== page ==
13 Connecticut, etc., Ins. Co. v. Spratley, 99 Tenn. 322; 44 L. R. A. 442; 42 S. W. 145.
14 Oshkosh Waterworks Co. v. Oshkosh, 109 Wis. 208; 95 Am. St. Rep. 870; 85 N. W. 376.
15 Oshkosh Waterworks Co. v. Oshkosh, 187 U. S. 437; affirming Oshkosh Waterworks Co. v. Oshkosh, 109 Wis. 208; 95 Am. St. Rep. 870; 85 N. W. 376.
16 Howard v. Gibson (Ky.). 60 S. W. 491.
17 New Orleans v. Waterworks Co., 142 U. S. 79.
18 Amy v. Taxing District, 114 U. S. 388; Charlotte Bank v. Hart. fi7 N. C. 264.
19 Island Savings Bank v. Galvin, 20 R. I. 347; 39 Atl. 196, the court saying: " The change is simply in the time when the representatives ute which, under cover of a change of parties, changes a claim against one party into a number of separate claims against several is invalid.20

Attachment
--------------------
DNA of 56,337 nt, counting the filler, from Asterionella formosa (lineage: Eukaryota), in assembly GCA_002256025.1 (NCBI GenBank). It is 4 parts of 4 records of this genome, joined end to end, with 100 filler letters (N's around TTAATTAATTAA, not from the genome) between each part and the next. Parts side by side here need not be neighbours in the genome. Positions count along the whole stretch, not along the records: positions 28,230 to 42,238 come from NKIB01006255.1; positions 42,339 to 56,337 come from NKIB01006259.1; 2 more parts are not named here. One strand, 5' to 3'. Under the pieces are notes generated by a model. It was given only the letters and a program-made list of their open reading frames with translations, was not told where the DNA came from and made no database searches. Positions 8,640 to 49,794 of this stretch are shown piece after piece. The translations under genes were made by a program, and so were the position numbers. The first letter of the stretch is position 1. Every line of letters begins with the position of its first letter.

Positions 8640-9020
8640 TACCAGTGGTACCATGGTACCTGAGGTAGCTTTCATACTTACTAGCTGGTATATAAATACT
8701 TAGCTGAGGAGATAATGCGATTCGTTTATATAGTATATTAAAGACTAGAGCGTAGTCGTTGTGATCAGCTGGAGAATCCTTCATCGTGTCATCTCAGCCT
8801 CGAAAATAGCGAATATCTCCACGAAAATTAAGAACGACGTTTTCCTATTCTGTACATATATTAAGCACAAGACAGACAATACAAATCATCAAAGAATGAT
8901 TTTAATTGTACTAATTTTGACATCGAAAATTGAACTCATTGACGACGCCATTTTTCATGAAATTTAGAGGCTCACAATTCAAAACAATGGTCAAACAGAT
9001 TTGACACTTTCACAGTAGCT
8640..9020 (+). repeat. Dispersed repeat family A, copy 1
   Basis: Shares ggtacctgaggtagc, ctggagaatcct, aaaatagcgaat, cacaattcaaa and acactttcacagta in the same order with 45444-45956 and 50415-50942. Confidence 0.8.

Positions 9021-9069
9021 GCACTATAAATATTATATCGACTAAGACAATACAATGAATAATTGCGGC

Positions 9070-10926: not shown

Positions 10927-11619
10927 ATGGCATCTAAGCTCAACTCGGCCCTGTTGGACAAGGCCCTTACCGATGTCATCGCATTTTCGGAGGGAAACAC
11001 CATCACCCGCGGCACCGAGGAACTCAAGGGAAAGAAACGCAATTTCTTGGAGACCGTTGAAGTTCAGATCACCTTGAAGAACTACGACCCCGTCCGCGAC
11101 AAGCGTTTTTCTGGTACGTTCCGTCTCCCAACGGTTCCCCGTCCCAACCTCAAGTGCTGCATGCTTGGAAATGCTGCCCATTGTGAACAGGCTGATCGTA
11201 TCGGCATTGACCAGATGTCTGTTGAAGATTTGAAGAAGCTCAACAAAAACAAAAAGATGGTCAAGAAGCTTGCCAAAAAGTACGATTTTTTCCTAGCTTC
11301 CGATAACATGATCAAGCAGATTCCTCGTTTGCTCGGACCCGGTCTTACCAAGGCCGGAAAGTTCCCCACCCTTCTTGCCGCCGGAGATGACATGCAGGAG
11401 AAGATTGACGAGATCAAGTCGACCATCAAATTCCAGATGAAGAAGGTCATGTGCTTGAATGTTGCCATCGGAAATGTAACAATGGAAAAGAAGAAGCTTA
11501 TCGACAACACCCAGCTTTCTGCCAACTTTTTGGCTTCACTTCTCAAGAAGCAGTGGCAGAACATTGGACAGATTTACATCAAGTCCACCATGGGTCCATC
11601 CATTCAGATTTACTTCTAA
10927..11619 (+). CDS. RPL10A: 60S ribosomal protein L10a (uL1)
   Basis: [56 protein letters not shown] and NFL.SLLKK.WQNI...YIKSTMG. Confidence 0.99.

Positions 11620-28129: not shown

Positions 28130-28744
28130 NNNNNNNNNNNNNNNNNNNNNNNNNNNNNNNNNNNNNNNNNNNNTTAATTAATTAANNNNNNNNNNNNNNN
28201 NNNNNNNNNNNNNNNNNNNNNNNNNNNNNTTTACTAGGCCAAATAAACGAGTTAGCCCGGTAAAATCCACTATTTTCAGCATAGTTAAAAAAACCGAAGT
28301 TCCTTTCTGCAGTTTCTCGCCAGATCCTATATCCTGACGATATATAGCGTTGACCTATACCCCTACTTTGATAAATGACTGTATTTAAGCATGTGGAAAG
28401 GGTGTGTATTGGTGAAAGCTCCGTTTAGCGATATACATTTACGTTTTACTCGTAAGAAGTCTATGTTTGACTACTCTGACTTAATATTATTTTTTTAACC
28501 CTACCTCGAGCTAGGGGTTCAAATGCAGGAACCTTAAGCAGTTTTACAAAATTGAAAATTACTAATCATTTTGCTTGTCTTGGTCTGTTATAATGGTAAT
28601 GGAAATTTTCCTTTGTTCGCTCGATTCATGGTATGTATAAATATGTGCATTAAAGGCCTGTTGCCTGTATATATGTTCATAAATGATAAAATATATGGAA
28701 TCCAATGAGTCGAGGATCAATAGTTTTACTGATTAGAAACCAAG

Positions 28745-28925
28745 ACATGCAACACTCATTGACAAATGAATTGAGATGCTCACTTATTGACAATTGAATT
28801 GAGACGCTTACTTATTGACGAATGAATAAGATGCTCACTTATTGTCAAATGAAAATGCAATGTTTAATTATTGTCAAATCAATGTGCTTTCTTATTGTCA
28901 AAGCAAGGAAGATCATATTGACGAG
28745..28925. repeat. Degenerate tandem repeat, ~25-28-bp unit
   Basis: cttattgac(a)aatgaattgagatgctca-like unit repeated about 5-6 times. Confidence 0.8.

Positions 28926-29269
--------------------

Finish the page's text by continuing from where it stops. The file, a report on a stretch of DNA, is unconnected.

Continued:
A statute which provides that after the dissolution of a corporation no action can be maintained against it, but that its assets are to be administered for the benefit of its creditors and stockholders is valid as applying to pre-existing debts.21